A Carolina Island Life: How It Came To Pass, Part XIII

IMG_7299If you are new to this tale, you may want to start here: Part I, Part II, Part III, Part IV, Part V, Part VI, Part VII, Part VIII, Part IX, Part X, Part XI, and Part XII.

The next four months were interesting. We took several trips to what would be our new island, to look for houses. Those in real estate often say location trumps all other home features; it’s the one thing you can’t change. In our case, we had to decide in particular where on the island we wanted to be (near the beach, near the salt marsh, mid-island, near the bridge for easy mainland access, etc.).

We toured many homes on our island during that time period, so I can tell you one thing with certainty: There are a lot of homes on my sweet island that I could have lived in, homes I could have built a life in, homes I could have loved for one reason or another. I’ve driven by many of them, time and again, and wondered enough about the what-ifs to craft a book on each. Maybe one day I will.

But they all, in one way or another, would have offered a life we would love to have lived, if only we had several to exhaust. Like everyone else, however, we just have the one, so there were choices to be made.

Finally in the spring we settled on one side of a duplex right by the ocean. I had seen and been smitten by the other half of the duplex in December of the previous year, right after we’d discovered the island, but had balked at the price and the idea of a duplex that would potentially be “shared” with tourists much of the year. So, we hadn’t considered making an offer. When we saw the other half that next spring, however, after having weighed all our options, we decided to make an offer. Ultimately, our offer was accepted, and we waited for the steps leading up to the closing to be completed. The house was in the vacation rental market, and I still remember the gist of what a child wrote in the guest book left lying on the coffee table. She’d had the best week of her life there, and wished she could live there at the beach. While LCB and the realtor talked numbers, I imagined the girl, and I imagined the lives my boys would live here, growing up by the beach. As we navigated each step toward closing successfully, the new life began to seem increasingly real.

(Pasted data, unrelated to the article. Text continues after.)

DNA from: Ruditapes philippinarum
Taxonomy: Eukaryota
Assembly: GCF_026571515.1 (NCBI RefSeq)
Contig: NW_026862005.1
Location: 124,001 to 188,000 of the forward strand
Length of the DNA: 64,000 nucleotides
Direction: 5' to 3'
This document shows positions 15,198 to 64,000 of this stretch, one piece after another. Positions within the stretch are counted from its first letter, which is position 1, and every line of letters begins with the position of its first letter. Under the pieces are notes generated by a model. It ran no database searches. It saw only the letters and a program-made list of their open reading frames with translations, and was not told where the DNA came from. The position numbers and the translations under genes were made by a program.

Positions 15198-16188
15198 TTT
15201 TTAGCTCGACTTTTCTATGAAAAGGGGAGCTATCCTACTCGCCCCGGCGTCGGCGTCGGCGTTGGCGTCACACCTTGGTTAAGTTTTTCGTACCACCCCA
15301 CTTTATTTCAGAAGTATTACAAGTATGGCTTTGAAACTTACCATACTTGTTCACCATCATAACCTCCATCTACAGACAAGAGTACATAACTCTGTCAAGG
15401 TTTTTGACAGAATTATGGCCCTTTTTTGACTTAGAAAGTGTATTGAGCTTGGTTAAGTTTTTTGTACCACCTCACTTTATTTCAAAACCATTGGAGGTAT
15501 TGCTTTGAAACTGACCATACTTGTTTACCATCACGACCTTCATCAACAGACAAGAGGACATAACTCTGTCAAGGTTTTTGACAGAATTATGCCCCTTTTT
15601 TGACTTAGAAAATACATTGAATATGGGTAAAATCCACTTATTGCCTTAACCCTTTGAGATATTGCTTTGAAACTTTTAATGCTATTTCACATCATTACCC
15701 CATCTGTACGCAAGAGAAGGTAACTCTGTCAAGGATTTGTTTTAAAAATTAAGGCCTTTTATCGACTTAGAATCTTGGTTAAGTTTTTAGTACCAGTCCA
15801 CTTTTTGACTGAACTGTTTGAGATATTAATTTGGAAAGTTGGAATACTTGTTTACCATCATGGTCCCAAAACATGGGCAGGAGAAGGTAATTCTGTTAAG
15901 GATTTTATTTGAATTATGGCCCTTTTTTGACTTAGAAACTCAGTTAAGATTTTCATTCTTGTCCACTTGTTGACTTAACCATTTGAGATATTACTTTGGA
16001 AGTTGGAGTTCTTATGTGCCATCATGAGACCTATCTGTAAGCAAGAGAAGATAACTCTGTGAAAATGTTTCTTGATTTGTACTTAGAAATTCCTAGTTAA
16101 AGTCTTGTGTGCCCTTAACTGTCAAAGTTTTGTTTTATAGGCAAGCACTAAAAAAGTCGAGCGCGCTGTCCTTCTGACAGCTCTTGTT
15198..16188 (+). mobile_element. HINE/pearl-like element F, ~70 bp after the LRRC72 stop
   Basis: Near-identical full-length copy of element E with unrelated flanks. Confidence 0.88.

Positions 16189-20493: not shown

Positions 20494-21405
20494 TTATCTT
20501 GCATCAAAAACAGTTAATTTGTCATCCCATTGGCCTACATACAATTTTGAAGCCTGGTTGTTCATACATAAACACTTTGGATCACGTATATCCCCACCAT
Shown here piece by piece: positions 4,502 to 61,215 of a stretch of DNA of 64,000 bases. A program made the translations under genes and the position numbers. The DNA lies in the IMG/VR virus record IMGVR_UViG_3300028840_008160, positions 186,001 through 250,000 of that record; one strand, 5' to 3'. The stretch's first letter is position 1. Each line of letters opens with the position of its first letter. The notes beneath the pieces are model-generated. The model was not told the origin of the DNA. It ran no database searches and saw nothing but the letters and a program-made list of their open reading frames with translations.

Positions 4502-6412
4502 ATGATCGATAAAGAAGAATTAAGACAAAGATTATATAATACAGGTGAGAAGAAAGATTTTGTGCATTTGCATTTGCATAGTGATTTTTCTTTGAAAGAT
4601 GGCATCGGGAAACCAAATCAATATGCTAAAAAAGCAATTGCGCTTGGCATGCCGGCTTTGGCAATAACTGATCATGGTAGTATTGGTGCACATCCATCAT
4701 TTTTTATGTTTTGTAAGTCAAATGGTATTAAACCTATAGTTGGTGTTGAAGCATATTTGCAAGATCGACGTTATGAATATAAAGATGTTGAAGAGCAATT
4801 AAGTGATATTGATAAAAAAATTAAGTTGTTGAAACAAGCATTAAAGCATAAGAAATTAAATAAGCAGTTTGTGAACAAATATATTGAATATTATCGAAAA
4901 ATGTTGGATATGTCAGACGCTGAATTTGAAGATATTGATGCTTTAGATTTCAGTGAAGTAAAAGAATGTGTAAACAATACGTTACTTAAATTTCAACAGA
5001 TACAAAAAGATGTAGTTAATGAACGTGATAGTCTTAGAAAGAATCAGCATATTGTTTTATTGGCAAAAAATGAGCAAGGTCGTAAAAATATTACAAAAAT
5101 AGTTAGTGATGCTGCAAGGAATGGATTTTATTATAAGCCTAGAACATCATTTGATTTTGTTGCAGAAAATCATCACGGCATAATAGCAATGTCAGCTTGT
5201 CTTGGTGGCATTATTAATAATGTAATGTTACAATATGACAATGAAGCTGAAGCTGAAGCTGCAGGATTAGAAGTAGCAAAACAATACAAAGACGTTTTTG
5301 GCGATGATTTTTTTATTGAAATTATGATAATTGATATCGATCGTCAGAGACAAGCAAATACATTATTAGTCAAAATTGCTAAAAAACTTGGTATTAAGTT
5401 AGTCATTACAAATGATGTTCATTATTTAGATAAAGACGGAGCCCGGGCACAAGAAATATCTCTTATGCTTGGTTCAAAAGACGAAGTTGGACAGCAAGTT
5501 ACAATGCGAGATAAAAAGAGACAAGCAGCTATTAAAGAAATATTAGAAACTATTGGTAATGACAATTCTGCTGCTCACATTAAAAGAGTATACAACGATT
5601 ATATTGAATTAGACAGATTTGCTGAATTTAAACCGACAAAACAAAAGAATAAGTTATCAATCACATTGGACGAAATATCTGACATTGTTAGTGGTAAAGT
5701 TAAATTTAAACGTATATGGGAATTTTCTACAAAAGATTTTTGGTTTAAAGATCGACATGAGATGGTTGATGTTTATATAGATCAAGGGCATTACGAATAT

The day before closing, however, we were out running some pre-closing errands when LCB received a phone call. It was not good. In the world of beach property, different “zoning” drastically affects insurance rates and therefore home values. Mere hours before closing, we were told that, due to a mistake from years ago that had just been uncovered, the home didn’t have the preferred zoning we had been told it had. LCB relayed the news to me at the end of the call, and we drove in strange bursts of talking followed by periods of silence. We had thought this one was in the bag, but we also believe that things happen for a purpose. Oh, and we hate overpaying for stuff. So, after great deliberation, we made the call to let the home go.

At the time, we were scheduled to go back to the Midwest for a brief business stint. All our things were in storage, and we were leaving our beach rental, so suddenly we were in a holding pattern. This didn’t last long, however. We had seen a newer single family home earlier that year, one I had told LCB to forget because I wasn’t really one much for new homes. LCB wasn’t either, but two or three days after we’d arrived back in the Midwest, he came to me and said the words.

“I think we should put an offer on that house.”

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